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Could Tony Romo's return to NFL be on personnel side one day?

Cowboys owner Jerry Jones, right, has said Tony Romo could be a standout offensive coordinator, but the longtime quarterback might be aiming higher. Kirby Lee/Image of Sport/USA TODAY Sports

FRISCO, Texas -- We know what Tony Romo is doing next. He will be the lead NFL analyst for CBS Sports.

But there are many who believe he will return to the game as a quarterback somewhere at some point in the future to fulfill the one goal that slipped through his grasp: a Super Bowl. To me, the only place Romo would consider for a return is the Dallas Cowboys because of his loyalty to Jerry Jones.

But it’s the second part of this Twitter question that to me might speak more to Romo’s long-term future.

Jones often said over the years he could see Romo as one of the best offensive coordinators because of how the quarterback sees the game. But I think Romo would have higher aspirations than just coordinating an offense.

I can see Romo being more than intrigued about putting an entire team together one day in the future, like what John Elway has done with the Denver Broncos. Romo knows offensive football, but if you asked Cowboys defensive players, he provided as much insight into their jobs as some coaches over the years. He knows what a play looks like.

In his new job with CBS after 10 seasons as the Cowboys’ starting quarterback, Romo will be able to meet the NFL’s difference-makers and get to do to them what he does to a lot of people: charm them, make them feel special and give them rare insight into the game.

Romo as an offensive coordinator? No. Romo as general manager? Perhaps.

On to the rest of the mailbag:

@toddarcher: It’s fun to play these games, especially with the Cowboys, who are always floated as possibilities for big-name players. That’s just how Jones likes it. The question asked here isn’t if the Cowboys will go after Richard Sherman. It’s if they should go after the cornerback. I will answer both questions: No. Sherman is a terrific player. He has 30 interceptions in his six NFL seasons, all with the Seattle Seahawks. He is one of the best in the league. He is a true competitor. So why wouldn’t the Cowboys go after him, and why shouldn’t they go after him? He’s 29. After making $12.5 million last season, he's due a combined $22.4 million over the next two. I’m not saying he’s worth it, but I’m going with what the Cowboys have showed us here lately: They will not pay age or for past performance. They do not want to give up draft-pick assets, and it would be costly to get Sherman. Too costly. If the Cowboys were to make a run for a cornerback via a trade, then I believe Malcolm Butler of the New England Patriots would be a better target. Not necessarily because he is a better player at this moment, but because he is two years younger. That might not seem like much -- and it might not be much -- but to me, I would rather take the younger player with more upside because of that youth. A couple years ago, one of Jason Garrett’s slogans was, “Hah,” like, "Man, this guy has got it." Butler has that “Hah.”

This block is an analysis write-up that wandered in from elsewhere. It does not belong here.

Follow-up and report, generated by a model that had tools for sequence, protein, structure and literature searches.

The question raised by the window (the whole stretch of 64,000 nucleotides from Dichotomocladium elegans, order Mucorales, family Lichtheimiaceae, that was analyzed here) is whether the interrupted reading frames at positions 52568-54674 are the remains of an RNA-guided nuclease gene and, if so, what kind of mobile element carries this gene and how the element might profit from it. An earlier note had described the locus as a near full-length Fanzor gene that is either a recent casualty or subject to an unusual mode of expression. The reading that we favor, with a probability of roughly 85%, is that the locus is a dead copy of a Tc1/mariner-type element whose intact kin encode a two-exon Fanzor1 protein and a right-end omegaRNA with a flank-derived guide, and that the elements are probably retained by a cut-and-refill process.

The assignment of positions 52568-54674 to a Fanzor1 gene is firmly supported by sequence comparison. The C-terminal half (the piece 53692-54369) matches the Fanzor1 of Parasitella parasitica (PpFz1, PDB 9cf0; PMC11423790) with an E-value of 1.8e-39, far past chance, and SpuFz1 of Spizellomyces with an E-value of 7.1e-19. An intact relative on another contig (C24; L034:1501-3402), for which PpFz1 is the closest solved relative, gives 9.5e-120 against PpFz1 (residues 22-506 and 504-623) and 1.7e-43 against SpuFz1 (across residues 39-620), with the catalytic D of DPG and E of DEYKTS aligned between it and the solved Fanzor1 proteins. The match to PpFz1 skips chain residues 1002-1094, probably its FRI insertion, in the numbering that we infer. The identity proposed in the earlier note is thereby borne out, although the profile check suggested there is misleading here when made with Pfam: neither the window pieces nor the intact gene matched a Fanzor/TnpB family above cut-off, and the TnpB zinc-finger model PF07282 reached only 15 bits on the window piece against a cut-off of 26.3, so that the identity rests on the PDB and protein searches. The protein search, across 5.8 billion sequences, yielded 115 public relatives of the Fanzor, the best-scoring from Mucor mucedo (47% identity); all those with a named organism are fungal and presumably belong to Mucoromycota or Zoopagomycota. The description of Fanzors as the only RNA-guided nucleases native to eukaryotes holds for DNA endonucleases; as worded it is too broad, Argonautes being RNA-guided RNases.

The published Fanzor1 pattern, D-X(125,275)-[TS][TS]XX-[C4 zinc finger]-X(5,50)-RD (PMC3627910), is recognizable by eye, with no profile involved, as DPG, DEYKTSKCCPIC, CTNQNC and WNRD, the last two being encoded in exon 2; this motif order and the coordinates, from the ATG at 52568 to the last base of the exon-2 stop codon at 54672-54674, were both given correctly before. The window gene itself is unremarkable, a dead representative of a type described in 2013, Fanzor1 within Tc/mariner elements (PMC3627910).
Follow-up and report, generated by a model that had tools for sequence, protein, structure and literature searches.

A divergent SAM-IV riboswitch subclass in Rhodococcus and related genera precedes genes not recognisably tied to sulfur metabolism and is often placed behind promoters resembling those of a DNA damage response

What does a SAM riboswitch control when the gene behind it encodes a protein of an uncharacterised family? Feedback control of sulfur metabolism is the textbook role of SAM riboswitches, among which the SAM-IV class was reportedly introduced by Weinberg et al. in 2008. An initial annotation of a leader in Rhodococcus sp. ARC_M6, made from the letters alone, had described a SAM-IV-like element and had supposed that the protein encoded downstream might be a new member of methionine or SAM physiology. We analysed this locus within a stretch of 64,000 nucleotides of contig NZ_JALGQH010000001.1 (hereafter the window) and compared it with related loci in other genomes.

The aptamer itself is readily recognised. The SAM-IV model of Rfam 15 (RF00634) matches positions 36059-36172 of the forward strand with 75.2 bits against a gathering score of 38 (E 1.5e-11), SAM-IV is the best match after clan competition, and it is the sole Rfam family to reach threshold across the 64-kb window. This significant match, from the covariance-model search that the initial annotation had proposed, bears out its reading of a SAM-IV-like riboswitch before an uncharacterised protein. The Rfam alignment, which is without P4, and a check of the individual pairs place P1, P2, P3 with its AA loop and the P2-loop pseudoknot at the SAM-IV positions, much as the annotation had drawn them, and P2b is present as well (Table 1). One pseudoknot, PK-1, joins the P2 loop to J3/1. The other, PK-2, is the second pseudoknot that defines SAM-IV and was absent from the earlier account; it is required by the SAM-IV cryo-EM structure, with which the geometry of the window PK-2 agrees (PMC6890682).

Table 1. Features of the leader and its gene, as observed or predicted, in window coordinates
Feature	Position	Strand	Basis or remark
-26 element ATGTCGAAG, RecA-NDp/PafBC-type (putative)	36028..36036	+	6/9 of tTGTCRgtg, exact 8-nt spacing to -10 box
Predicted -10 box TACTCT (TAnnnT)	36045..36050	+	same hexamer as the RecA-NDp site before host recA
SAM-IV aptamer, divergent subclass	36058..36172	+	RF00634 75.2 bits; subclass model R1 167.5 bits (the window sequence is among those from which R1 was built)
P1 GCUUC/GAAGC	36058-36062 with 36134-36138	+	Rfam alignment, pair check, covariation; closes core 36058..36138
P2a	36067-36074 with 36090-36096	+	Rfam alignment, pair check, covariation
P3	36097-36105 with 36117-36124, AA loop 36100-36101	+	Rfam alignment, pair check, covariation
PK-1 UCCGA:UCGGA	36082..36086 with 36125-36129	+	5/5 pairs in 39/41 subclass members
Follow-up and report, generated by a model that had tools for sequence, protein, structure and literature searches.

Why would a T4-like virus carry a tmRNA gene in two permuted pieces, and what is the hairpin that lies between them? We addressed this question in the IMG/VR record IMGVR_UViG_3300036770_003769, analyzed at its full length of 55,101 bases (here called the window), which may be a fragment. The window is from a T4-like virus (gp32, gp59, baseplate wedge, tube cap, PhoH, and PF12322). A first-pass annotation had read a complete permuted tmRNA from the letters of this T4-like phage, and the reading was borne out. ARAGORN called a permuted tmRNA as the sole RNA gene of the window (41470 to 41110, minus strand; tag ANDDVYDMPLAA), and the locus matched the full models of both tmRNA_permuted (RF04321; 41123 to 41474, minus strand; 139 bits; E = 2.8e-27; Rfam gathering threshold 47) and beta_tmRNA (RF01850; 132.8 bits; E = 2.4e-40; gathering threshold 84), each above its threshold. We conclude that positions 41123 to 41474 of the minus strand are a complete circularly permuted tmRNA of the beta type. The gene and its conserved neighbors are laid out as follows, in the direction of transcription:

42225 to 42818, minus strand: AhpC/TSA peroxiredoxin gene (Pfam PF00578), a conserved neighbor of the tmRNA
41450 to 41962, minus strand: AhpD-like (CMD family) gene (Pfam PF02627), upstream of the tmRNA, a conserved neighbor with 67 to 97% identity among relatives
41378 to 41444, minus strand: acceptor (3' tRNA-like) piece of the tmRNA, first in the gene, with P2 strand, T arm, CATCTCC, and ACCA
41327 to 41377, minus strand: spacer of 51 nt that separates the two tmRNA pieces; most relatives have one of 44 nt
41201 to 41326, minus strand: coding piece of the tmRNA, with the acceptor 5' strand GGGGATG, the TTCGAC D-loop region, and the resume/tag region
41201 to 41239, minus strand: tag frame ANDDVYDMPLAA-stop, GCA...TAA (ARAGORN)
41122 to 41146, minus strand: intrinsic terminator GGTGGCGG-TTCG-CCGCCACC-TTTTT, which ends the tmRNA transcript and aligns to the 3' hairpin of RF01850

@toddarcher: Their focus is on the draft. They don’t have any cap room at the moment to do anything, although that is somewhat misleading because the Cowboys can restructure Jason Witten's contract and turn in Doug Free’s retirement papers and gain nearly $9 million in cap room. But there’s another reason why they won’t sign a free agent. Once May rolls around, signing unrestricted free agents does not play a part of the compensatory-pick formula. As it stands right now, the Cowboys are looking at three or four compensatory picks next year for their losses of Ronald Leary, Barry Church, Terrell McClain and Brandon Carr. Now, most of the players currently available should not get big-time deals to affect the formula anyway. By waiting until May, after the draft, the price tag drops more. After the draft, the Cowboys will be able to survey their roster, see their remaining needs and then strike. That’s where the Cowboys currently sit.